I’m Not a Big Boy Anymore (and Sasha Will Never Be)

January 26th, 2011  |  by  |  Published in Uncategorized  |  1 Comment

God, it’s great when babies become toddlers. After two years, I can finally really talk to Sasha, and I even managed to bargain with her the other day: She wanted to watch Elmo, but she didn’t want to clean up her Legos. I said no, clean up first—and it worked! She stewed for a minute, then got up and plunked her Legos in the box. Awesome.

Later, I tried a little test: “Is Sasha a baby,” I asked her, “or is Sasha a big girl?”

“Big girl!” she said.

Perfect—that meant she’s ripe for manipulation! From now on, I imagined, I’d be able to use the baby/big girl dichotomy to get her to do whatever I wanted. And, I figured, I’d start with toilet training.

Now, toilet training has been a bit of an issue in DadWagon’s comments of late. Apparently, some people think it’s terrible to make kids sit in diapers full of shit for hours. Well, not us. We don’t care. Yeah, I guess we don’t love our Sasha. And we’re too busy watching “Downton Abbey” to bother with any kind of communication, let alone the elimination variety.

No, my strategy was going to be this: I was going to buy Sasha a copy of “I’m a Big Girl Now,” the girl’s version of the toilet-training book I had as a child, “I’m a Big Boy Now.” As I remember it, the book features an elephant toddler who learns to use the potty and then, I think, at the end declares that that day he is a man. Or something.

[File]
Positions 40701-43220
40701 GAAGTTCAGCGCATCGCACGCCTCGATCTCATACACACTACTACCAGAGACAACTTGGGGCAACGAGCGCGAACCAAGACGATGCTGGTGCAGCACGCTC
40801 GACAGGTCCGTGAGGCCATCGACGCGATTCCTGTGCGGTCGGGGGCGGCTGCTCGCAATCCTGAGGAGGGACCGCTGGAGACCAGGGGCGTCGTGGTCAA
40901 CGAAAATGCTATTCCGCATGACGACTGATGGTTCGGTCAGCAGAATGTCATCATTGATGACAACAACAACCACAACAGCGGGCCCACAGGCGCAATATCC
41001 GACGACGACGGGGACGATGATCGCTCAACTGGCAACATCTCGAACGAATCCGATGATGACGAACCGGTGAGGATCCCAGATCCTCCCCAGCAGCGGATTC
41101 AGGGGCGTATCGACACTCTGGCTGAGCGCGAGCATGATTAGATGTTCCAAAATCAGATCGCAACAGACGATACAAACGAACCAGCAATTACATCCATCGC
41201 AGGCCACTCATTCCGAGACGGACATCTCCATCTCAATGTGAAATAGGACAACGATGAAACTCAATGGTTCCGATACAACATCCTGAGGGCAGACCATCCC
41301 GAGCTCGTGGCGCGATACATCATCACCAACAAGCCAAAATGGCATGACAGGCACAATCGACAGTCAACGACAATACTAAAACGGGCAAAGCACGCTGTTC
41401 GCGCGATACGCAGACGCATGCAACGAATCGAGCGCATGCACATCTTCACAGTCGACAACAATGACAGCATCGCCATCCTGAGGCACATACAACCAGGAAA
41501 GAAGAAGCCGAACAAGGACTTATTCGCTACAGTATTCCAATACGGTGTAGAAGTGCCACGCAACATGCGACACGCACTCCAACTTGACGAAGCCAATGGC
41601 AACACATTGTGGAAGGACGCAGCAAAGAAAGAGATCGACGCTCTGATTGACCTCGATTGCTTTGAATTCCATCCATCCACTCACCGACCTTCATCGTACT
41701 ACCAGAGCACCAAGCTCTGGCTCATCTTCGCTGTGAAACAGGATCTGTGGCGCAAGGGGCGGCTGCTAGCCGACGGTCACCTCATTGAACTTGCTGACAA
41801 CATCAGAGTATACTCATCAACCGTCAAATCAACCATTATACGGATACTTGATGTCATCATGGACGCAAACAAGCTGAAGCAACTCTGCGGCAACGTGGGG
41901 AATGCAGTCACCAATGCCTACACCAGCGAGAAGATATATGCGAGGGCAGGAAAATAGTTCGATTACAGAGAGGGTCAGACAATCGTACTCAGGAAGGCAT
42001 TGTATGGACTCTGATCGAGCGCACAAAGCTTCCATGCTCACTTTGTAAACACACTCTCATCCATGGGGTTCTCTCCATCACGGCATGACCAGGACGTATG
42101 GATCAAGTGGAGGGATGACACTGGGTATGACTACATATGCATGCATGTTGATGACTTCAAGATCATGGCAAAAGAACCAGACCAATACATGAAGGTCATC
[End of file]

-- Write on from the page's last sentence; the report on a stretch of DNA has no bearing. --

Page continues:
I have no memory of whether this book actually helped me learn to use the potty. (Mom, Dad, the comments section is below.) And I didn’t really have any faith that the book would really teach Sasha not to be afraid of the potty. I just wanted to establish some kind of family tradition, and to try exerting the “big girl” pressure on her.

Alas, as I discovered through Google, “I’m a Big Boy/Girl Now,” published in 1977, is out of print and hard to find. These guys are selling it for $37 and up! Geez. I mean, I’d always imagined that every book I read as a kid was a big hit, and carried some cultural currency throughout the 1970s–1980s child-rearing world. But, um, I guess not. Maybe there was some other toilet-training book for kids that everyone else was reading?

Anyway, all this means that Sasha is going to keep sitting in shitty diapers for a while longer. Because, like I pointed out right at the beginning, I can’t be bothered to do anything else.


Responses

  1. beta dad says:

    January 26th, 2011at 5:04 pm(#)

    If you want to start a new family tradition, I recommend “Potty” by Leslie Patricelli. The drawings are cute, the text is minimal and kind of funny, and our kids can’t get enough of it. I have no idea if it will help them use the actual potty, but it sure makes them say “potty” a lot. And you can always tell Sasha that you got the book from your parents when you were a little boy.

    We got another potty book that they like a lot, called “The Potty Book for Girls,” but I hate everything about it, and keep it hidden from them.

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